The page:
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Communication User Error November 6, 2014

Communication is a team effort but not all people are considered equal in skill level or style. There has to be a communicator and a listener and they hopefully reciprocate respectfully with each other. Unfortunately, most of us were not taught how to be excellent communicators. Instead we fall back on what we know through our own experiences of getting our needs met which was influenced by how we grew up. We learned many communication patterns from our parents or caregivers by unconscious and direct observation. Children are sponges as the saying goes and they soak up what is presented to them in their environment. Some adults may unconsciously continue those communication patterns learned long ago, while others may consciously choose to swing the other way in attempts to not be like one or both of their parents. However, this attempt can trend toward extremes such as avoidance or harshness when considering communication styles. Either way the communication user is primed for errors without an upgrade. The goals of healthy communication, especially with regard to the relationships in our lives are: listening; saying what is needed, wanted or preferred; and ensuring that one has been heard.

Some people utilize non-communicative means all together or are passive in their style of communication thus to the listener it feels like they have no opinions, don’t care, and can be taken for granted. This leaves the person who uses a passive style of communication left feeling deflated and unimportant. Many other people rely on indirect communication or passive-aggression as a means to “let others know” what they feel but can’t say out loud directly and attempt to “hide” their aggression. A passive-aggressive style of communication leaves much for interpretation by the listener and can tend to frustrate the person who is using a passive-aggressive style of communication when they have not been understood. Both of these communication styles rely on non-communicative and indirect means which negatively impacts the quality of their relationships due to the fact that these forms of communication do not serve others in a reciprocal manner. In contrast, some people utilize an aggressive style of communication that appears direct yet feels to the listener like bullying. This can frustrate the person using an aggressive style of communication by development of contempt or opposition from the listener. The ramifications upon relationships for this style of communication tend to render the user lonely in time as there is no giving, only taking.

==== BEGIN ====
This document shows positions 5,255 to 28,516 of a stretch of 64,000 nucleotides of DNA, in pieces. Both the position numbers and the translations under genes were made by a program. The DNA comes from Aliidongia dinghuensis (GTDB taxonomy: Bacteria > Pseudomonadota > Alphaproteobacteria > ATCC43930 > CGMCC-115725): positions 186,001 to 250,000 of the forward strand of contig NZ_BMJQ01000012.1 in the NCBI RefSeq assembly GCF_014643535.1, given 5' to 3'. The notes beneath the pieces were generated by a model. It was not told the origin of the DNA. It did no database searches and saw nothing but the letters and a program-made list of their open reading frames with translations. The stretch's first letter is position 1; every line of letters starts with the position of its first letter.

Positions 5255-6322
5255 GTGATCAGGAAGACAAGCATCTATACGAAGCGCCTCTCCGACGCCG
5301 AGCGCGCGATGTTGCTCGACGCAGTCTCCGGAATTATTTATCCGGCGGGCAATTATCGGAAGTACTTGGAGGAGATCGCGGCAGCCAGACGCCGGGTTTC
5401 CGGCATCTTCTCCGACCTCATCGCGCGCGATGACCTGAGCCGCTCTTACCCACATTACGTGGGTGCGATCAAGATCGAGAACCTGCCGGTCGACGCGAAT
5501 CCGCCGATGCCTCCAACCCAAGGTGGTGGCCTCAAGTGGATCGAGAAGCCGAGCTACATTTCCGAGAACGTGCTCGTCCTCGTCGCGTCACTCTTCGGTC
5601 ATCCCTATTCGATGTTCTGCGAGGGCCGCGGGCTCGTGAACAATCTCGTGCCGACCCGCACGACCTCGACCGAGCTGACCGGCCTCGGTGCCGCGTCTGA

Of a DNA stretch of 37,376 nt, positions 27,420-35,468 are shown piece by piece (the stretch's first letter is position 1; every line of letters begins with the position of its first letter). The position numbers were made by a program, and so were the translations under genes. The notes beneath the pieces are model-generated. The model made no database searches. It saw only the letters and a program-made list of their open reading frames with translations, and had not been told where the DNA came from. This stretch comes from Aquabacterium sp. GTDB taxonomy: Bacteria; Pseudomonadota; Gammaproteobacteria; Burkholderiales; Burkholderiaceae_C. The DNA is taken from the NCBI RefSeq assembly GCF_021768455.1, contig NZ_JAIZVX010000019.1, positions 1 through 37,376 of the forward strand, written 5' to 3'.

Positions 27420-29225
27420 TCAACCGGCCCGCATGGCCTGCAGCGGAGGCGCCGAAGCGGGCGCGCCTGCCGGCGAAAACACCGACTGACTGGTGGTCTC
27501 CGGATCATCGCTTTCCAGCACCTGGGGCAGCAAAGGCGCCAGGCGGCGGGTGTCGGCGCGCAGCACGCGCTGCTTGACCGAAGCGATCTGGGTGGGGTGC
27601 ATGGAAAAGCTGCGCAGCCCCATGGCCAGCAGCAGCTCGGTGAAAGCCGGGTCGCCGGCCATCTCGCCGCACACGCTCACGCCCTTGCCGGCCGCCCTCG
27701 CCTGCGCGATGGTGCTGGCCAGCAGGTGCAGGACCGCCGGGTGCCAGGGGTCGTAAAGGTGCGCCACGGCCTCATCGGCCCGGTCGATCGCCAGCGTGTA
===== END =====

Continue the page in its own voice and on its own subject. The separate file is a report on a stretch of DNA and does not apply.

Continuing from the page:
Let us not forget about manipulation. All of the above 3 communication styles can utilize overt and covert manipulation. Overt manipulations tend to be the tactic used by the aggressive communication style such as twisting the listener’s words to fit their agenda. Covert manipulations tend to be the defense for the passive style of communication such as use of the silent treatment or pouting as a form of manipulation. While the passive-aggressive style of communication uses both of these forms of manipulation as needed. As you can imagine people who tend to use an aggressive style of communication negatively complement passive styles of communication, rendering each of the users unhappy over the long-term. While those who employ a passive-aggressive style of communication live in a world of conflicted and unfulfilling relationships.

The good news is—Learning how to listen to others and provide verbal and nonverbal cues; learning how to state our needs, wants and preferences respectfully through assertion; and learning how to be heard through use of “I statements” and reflective statements or questions are all skills that can be learned. This style of communication is known as assertiveness. With practice and regular use of assertive communication, one can get their needs met, improve their relationships, and increase their self-esteem. Communication affects us all and it does so daily from the mere exchange at the counter at Starbucks to our interactions with co-workers and bosses, and of course our communication with our partner, spouse, or family. When considering the safest place to learn how to improve our communication we can start out with coaching or therapy, then move outside to innocuous others to build confidence from, to then where it is needed most—wherever that might be in our personal or professional lives. It’s time for an upgrade, or a new version all together, in our communication style to get the most out of our relationships and connections.

Aaron Foster

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